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Hello!

We have a virtual character upright piano, LivingRoom Upright Piano, currently in production and crowdfunding through Indiegogo, that we want to get to the digital pianos / stage pianos as well. When our main instrument for Kontakt/SFZ/EXS24 is done.

Is there a sample format for stage pianos or digital pianos that will work on multiple or all models on the market? Like Nord, Korg, Roland etc.

Would be great to be able to support more hardware pianos, for live music purposes.


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No, every brand has their own propritary format for loading in custom samples (if they can do it at all), except Dexibell uses soundfonts. Some others can import soundfonts and convert them to their own format (Kronos and Roland JUNO DS come to mind), and I soundfonts can be converted to other propietary formats (e.g. Yamaha, Kurzweil) with third party software. So that's probably as close to universal as you can get. (Nord doesn't support third party samples that have more than a single velocity layer, so that's pretty useless for piano sounds.)

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Originally Posted by KeyPleezer
Is there a sample format for stage pianos or digital pianos that will work on multiple or all models on the market?

No.

However, your question suggests an idea for a product.

A computer program that converts a sample built for one particular brand of digital piano into various other brands.

The concept would be fairly simple.

Insert lookup tables for each supported brand and just replace the code in brand1 for the code found in brand2.

Then, after that .... as more brands come on board .... all you need to do is add an additional lookup table for that brand.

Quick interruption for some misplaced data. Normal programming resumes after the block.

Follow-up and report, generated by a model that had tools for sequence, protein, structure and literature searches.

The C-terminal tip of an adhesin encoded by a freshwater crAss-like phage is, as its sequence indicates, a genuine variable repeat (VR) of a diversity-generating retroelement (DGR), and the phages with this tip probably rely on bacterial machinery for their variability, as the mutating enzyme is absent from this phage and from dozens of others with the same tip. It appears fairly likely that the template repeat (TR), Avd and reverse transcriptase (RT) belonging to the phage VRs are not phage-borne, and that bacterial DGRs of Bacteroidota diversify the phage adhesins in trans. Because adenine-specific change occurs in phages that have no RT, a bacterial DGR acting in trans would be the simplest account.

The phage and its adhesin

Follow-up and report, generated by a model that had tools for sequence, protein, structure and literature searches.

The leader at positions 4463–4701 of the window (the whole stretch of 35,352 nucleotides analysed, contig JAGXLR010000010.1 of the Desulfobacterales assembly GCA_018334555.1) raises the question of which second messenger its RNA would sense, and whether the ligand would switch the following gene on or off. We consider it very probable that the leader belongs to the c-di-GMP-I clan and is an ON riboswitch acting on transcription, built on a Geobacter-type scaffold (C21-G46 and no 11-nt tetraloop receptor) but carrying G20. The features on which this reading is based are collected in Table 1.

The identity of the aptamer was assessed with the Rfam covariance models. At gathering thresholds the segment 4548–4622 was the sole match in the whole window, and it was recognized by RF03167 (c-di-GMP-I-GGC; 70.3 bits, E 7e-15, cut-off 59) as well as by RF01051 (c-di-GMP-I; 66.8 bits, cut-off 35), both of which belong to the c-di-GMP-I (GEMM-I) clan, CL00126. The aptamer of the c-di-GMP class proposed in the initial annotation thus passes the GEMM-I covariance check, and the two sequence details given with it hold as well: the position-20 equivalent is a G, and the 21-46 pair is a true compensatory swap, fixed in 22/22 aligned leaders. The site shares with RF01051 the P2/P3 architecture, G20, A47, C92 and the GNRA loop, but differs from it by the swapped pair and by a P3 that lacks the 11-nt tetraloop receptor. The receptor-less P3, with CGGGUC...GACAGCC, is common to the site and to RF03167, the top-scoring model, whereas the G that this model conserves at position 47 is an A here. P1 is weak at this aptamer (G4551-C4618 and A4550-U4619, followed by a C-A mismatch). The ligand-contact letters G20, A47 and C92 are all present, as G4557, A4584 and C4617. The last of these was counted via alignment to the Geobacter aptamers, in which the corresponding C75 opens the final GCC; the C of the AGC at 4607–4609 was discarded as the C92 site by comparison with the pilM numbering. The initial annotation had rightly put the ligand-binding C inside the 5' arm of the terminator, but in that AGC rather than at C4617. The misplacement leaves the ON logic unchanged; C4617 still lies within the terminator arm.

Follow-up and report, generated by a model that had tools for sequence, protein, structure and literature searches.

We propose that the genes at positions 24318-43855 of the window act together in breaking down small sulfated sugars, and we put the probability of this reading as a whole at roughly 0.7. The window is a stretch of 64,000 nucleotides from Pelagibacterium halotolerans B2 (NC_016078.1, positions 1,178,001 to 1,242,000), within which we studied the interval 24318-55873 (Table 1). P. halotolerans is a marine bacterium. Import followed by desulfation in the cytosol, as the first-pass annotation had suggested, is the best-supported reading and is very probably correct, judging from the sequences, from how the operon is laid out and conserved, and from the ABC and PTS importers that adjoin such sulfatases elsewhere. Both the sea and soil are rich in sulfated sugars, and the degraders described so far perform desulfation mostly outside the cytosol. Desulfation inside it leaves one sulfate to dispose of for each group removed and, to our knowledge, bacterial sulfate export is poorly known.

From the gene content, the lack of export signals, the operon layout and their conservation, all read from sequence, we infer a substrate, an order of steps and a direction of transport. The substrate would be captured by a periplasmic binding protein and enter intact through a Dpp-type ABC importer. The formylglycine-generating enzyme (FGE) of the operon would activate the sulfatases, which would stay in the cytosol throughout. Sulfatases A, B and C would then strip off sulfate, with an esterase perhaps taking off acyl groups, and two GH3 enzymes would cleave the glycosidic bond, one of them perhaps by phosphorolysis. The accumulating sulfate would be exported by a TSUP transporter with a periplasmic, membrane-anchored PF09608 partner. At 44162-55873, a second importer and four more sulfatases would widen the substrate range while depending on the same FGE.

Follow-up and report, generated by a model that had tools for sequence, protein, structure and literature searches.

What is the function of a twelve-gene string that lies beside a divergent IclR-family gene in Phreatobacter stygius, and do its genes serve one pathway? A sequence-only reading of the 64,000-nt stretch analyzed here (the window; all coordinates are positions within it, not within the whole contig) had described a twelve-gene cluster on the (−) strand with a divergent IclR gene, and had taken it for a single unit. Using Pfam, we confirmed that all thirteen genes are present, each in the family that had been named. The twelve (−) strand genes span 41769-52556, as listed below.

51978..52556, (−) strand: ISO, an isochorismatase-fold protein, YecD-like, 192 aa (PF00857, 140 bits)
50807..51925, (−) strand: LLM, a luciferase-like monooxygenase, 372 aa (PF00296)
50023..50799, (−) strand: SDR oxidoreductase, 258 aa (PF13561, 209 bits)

There you go .... I have already done the planning.

Now, all you have to do is build it.


Good Luck smile



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Last edited by dmd; 05/13/21 02:57 PM.

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Originally Posted by KeyPleezer
Hello!

We have a virtual character upright piano, LivingRoom Upright Piano, currently in production and crowdfunding through Indiegogo, that we want to get to the digital pianos / stage pianos as well. When our main instrument for Kontakt/SFZ/EXS24 is done.

Is there a sample format for stage pianos or digital pianos that will work on multiple or all models on the market? Like Nord, Korg, Roland etc.

Would be great to be able to support more hardware pianos, for live music purposes.


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I don't think sound font 2 (sf2) is a free format. Sforzando is absolutely free and it comes with a free player and description of commands.


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What do you mean by not a free format ?

The SF2 format specification is available http://www.synthfont.com/sfspec24.pdf (it is not a proprietary format like NKI where you have to practice reverse engineering if you want to understand it).

You have free editors :

- https://www.polyphone-soundfonts.com/
- https://sourceforge.net/projects/smurf/ (open source)

And have some free softsynthesizers which use them :
- TX16Wx
- Fluidsynth (open source).

But, yes, SFZ is an open format, and there are multiple free players : https://sfzformat.com/software/players/ (not only Sforzando)

SF2 is however more used and understood by some Korg arranger for example.


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You will struggle to find a format that is widely compatible to DP's. The most supported (and still only by a spinklingf of models) is sf2. Even those claiming to support sf2 soundfonts often struggle to interpret them if they have many velocity layers or are simply too large.